On the subject of whether offering retail share classes that carried higher fees than those charged by otherwise identical share classes, the Court stated that offering a mix of retail and institutional share class funds to participants does not relieve the fiduciaries from having to determine which investments may be prudently included in the plan’s investment choices and which should not.
Assessing whether petitioners state plausible claims against plan fiduciaries for violations of ERISA’s duty of prudence requires a context-specific inquiry of the fiduciaries’ continuing duty to monitor investments and to remove imprudent ones. According to the Court: “At times, the circumstances facing an ERISA fiduciary will implicate difficult tradeoffs, and courts must give due regard to the range of reasonable judgments a fiduciary may make based on her experience and expertise.”
Consequences for Retirement Committees and Other Fiduciaries
The Supreme Court’s decision, which is both brief (a mere eight pages) and unanimous (8–0 with Justice Barrett taking no part), dashes any hopes for a stricter pleading standard in ERISA excessive fees cases. This is in our view unfortunate. These cases are being filed in increasingly large numbers. The proximate consequence of the decision is to further raise the compliance bar.
Based on Hughes, retirement committee members and other fiduciaries should, at a minimum, do the following:
Practice good fiduciary hygiene.
Good fiduciary hygiene starts with prudent governance. Boards, LLC managers, partners, etc. are well advised to formally offload their plan administrator responsibilities to a fiduciary committee that is knowledgeable (or made to be so with proper training) and subject to a formal charter. In the vast majority of cases, fiduciary committees should be advised by competent outside investment consultants. Meetings should be held periodically (e.g., quarterly), and the committee proceeding should be documented in minutes. These steps are minimum requirements – table stakes.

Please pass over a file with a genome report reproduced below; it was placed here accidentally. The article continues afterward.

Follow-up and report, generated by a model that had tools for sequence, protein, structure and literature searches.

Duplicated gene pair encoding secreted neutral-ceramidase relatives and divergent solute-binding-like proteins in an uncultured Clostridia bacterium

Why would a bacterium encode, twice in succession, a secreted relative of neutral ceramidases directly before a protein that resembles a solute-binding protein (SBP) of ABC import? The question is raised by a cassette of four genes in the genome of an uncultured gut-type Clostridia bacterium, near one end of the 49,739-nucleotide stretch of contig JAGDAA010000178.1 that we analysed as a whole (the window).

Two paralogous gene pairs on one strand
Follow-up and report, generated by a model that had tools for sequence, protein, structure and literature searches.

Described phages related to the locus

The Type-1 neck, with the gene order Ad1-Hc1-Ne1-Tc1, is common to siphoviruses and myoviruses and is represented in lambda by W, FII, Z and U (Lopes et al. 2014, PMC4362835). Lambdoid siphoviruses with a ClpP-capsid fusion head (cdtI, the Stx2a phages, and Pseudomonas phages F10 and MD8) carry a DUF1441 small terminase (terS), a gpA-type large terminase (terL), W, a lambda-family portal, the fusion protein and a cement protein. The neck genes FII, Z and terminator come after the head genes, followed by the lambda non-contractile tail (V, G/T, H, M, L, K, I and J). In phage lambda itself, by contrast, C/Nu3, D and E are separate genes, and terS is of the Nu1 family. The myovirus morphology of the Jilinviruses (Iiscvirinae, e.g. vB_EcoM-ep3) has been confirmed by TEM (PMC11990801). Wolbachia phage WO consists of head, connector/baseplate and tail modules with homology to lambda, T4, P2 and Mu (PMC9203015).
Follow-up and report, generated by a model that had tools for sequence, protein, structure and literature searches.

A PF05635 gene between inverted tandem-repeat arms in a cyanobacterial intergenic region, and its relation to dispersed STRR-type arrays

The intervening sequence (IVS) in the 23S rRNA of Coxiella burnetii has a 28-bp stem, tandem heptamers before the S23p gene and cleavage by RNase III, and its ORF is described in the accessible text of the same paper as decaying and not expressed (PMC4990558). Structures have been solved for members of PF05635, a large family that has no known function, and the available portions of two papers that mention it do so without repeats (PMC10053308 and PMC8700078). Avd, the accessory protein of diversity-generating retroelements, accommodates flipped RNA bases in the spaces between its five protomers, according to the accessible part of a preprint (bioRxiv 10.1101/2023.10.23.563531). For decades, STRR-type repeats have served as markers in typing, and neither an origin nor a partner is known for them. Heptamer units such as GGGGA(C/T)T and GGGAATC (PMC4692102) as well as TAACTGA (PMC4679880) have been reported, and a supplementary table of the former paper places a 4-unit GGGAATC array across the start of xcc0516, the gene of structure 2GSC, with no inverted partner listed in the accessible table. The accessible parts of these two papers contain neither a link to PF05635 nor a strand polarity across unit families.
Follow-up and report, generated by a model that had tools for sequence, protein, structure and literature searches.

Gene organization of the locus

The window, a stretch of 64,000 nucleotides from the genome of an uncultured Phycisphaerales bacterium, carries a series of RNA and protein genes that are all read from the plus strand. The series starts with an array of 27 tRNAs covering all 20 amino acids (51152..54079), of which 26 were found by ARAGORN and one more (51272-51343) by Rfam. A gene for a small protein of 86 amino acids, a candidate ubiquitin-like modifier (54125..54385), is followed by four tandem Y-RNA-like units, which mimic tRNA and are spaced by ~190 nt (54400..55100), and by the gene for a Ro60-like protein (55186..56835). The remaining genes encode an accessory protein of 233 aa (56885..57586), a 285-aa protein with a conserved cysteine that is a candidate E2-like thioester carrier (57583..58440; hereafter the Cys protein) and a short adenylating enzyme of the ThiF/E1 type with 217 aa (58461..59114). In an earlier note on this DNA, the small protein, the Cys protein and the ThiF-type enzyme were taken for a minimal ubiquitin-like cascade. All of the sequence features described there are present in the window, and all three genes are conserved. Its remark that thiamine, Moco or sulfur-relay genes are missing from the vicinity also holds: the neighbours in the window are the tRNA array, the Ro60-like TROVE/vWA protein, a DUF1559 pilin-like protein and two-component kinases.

Limit, monitor and curate the plan’s menu of investment options.
Plan fiduciaries must continuously monitor all plan investments and remove those that are imprudent. Because this rule applies irrespective of the number of investment options, it behooves plans to limit that number. There is little agreement on the ideal number of options, and the proper number of options may vary depending on the particular industry or other surrounding circumstances. A recent SHRM report citing a 2020 study by Vanguard Investments claims that the average number of investment options for large 401(k) plans 2019 was just over 17. As the number of options grow, so too does the amount of work necessary to ensure that each fund option is and remains a prudent choice.
Pay particular attention to sales loads, management fees and administrative charges.
The inclusion of retail classes of mutual fund shares is a plan that otherwise qualifies for institutional prices is a recipe for trouble, particularly where there is no substantive difference between the more and less expensive options. This is an instance in which committees and other fiduciaries can benefit from the advice of competent investment consultants.